Political alienation and culture wars rage. So, it came to pass that there was social media chatter before and during the basketball game between Arkansas and Oral Roberts.
Some people were saying on Twitter that they hoped Arkansas lost because it was a state that had just enacted discriminatory legislation against the LGBTQ community. Others were responding that Oral Roberts University was no vehicle for hating on Arkansas, considering that the namesake was a raging homophobe and the current student handbook presumes to bar same-sex activity.
In the end, it was an excellent ballgame.
The dialogue was a microcosm of a broader dynamic Gov. Asa Hutchinson seems to count on.
I asked him over the weekend if he was concerned that his six-year emphasis on modernizing the state's economy had been undercut by his being overrun by an uncontrollable right-wing Legislature sending him culture-war bills he'd managed to stop in years past. These bills could prove damaging to the state's image to would-be modern employers who are committed to diversity and inclusion.
Once these bills got to his office, Hutchinson couldn't stop them because his vetoes can be overridden by a simple majority vote, and this Legislature shows little deference to him. But he could have vetoed them on principle anyway, or let them become law without his signature. He didn't have to sign them, except that he seems to seek continued Republican viability. So, he signed them in the two most-recent cases.
One bill banned something that isn't happening, meaning transgender girls outrunning everyone in track meets. It could be handled if happening by Arkansas Activities Association regulation and any litigation ensuing.
The other allows physicians to cite religious or moral reasons to decline to provide medical care. That could mean refusing to provide care for a transgender person. It could mean declining to provide care to a Donald Trump supporter, clearly a moral position, though that would be a good way for a doctor to go broke in Arkansas.
In both bills, the microscopically small-minded point is to waste legislative time and ink on matters addressing no legitimate public-policy need, but merely allowing pseudo-religious "Christian nationalists" to make themselves feel powerful by abusing their offices to pick on people they don't like or approve of or with whom they disagree.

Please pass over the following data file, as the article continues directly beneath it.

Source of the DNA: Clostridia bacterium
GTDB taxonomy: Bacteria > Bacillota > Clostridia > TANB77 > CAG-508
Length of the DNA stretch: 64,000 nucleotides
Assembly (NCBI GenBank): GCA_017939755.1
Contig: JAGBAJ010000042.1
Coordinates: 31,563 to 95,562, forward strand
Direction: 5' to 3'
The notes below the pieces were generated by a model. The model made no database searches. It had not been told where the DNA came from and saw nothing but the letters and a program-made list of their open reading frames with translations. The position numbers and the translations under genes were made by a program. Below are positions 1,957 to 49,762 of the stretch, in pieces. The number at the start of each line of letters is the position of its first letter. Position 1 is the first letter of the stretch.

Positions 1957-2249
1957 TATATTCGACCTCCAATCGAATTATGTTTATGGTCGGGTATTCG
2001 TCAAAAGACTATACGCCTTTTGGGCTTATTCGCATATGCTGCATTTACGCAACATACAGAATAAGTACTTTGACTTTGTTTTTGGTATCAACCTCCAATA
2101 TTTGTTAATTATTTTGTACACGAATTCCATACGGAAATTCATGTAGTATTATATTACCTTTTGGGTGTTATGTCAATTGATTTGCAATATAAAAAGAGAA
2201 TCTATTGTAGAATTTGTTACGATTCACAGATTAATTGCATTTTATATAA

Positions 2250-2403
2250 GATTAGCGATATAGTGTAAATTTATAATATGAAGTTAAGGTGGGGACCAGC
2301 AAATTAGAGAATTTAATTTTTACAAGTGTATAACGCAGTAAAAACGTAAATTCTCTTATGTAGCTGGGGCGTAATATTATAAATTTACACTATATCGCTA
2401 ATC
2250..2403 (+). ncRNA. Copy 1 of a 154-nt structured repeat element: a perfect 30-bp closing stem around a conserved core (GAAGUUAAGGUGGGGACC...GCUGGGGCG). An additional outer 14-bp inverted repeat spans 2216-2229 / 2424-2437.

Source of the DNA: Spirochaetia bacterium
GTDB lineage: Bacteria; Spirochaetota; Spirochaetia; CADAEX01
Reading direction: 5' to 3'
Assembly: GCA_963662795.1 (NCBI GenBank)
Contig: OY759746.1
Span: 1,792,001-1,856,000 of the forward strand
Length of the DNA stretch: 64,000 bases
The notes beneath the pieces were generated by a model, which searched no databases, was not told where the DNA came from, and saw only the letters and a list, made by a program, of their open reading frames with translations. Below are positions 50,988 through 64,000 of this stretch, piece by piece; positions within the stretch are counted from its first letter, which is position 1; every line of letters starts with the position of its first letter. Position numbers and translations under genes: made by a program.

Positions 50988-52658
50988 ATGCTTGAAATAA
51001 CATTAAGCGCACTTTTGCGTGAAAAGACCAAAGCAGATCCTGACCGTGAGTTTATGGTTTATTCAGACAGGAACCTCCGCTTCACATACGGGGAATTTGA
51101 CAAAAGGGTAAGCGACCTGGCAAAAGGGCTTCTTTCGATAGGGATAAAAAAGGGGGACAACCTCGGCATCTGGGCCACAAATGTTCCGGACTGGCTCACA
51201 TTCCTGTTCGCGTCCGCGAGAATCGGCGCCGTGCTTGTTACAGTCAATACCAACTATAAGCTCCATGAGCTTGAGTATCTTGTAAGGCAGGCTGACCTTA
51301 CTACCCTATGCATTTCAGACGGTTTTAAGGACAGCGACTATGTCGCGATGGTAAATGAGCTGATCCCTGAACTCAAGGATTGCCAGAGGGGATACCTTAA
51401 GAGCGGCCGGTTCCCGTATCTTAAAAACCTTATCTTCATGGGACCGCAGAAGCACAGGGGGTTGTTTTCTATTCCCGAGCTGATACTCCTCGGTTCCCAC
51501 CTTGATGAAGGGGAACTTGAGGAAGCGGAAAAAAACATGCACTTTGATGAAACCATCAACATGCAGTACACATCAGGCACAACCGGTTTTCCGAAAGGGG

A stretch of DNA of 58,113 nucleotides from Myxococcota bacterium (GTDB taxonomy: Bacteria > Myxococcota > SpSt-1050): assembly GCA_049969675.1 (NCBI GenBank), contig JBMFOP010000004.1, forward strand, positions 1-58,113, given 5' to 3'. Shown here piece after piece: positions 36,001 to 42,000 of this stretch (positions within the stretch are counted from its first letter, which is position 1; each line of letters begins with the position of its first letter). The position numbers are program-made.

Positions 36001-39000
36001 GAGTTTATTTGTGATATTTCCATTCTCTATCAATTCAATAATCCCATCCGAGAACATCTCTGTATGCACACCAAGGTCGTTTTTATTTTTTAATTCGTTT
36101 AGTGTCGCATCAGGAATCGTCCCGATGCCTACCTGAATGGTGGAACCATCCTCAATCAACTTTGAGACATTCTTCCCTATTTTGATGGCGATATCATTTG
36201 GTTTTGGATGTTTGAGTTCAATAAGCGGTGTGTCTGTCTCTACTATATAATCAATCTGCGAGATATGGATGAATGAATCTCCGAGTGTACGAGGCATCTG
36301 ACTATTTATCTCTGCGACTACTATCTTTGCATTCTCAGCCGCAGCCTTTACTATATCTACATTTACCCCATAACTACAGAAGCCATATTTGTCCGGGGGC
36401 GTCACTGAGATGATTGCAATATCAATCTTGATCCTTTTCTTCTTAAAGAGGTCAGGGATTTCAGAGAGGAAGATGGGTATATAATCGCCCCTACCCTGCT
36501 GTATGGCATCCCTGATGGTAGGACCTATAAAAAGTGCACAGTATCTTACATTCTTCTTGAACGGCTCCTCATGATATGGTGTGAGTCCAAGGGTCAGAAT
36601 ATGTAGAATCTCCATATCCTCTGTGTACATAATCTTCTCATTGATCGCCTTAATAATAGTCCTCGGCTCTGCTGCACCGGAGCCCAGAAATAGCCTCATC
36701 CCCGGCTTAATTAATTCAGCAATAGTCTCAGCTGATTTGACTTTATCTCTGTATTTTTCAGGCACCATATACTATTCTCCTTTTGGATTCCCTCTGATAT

Hutchinson has said the track-meet bill addresses pre-emptively a conceivable and legitimate concern. He has said the no-treat option for doctors has exceptions for emergencies and couldn't be applied on a basis discriminating against groups.
In other words, he is saying he has managed to come up with rationalizations for signing them.
So, back to my question on whether the governor was concerned his long and diligent attention to modern economic consideration was being undercut: Hutchinson replied without addressing my characterization of his being helplessly overrun by an uncontrollably extreme Legislature. He said instead that these bills weren't all that conspicuous, or will prove not to be as we go along.
He said many states have conscientious exceptions for medical services (most are for abortion alone). He said Tennessee had just passed a transgender-girl athletic bill and measures were pending widely elsewhere.
Forgive me for continuing to rephrase the governor's positions, which could well lead him to stop answering my questions in the first place. But I see a contextual imperative.
In that regard, what the governor is saying is that there's a raging red-state, Trump-allegiant section of the country out there, and Arkansas is but a part of it, and we will not be alone in the occasional enactment of these sorts of laws.
Modern progressive businesses would have to boycott a bunch of them, not just us, presumably.
People may want to root against the Razorbacks, but then they'll find out Oral Roberts is no better, or worse. You see.
But the governor, being an honorable and thoughtful man along with one given to political expedience, did acknowledge as follows: "I am concerned about the overall impression of this session and I hope we can focus attention on the economic, education and reform successes that are being accomplished."
I am not sure what those successes are, but I suspect that the governor's communications staff can prepare nice, thick packets for all of us.
In the meantime, the governor's centerpiece hate-crimes bill seems dead, and I continue to be impressed with the evolving sensibilities of Sen. Jim Hendren, who, in case you haven't heard, is Hutchinson's nephew.
The newborn independent and founder of Common Ground Arkansas tweeted after the dramatic end of the Arkansas-Oral Roberts game: "We should have extended March Madness instead of the legislative session."
John Brummett, whose column appears regularly in the Arkansas Democrat-Gazette, is a member of the Arkansas Writers' Hall of Fame. Email him at [email protected] Read his @johnbrummett Twitter feed.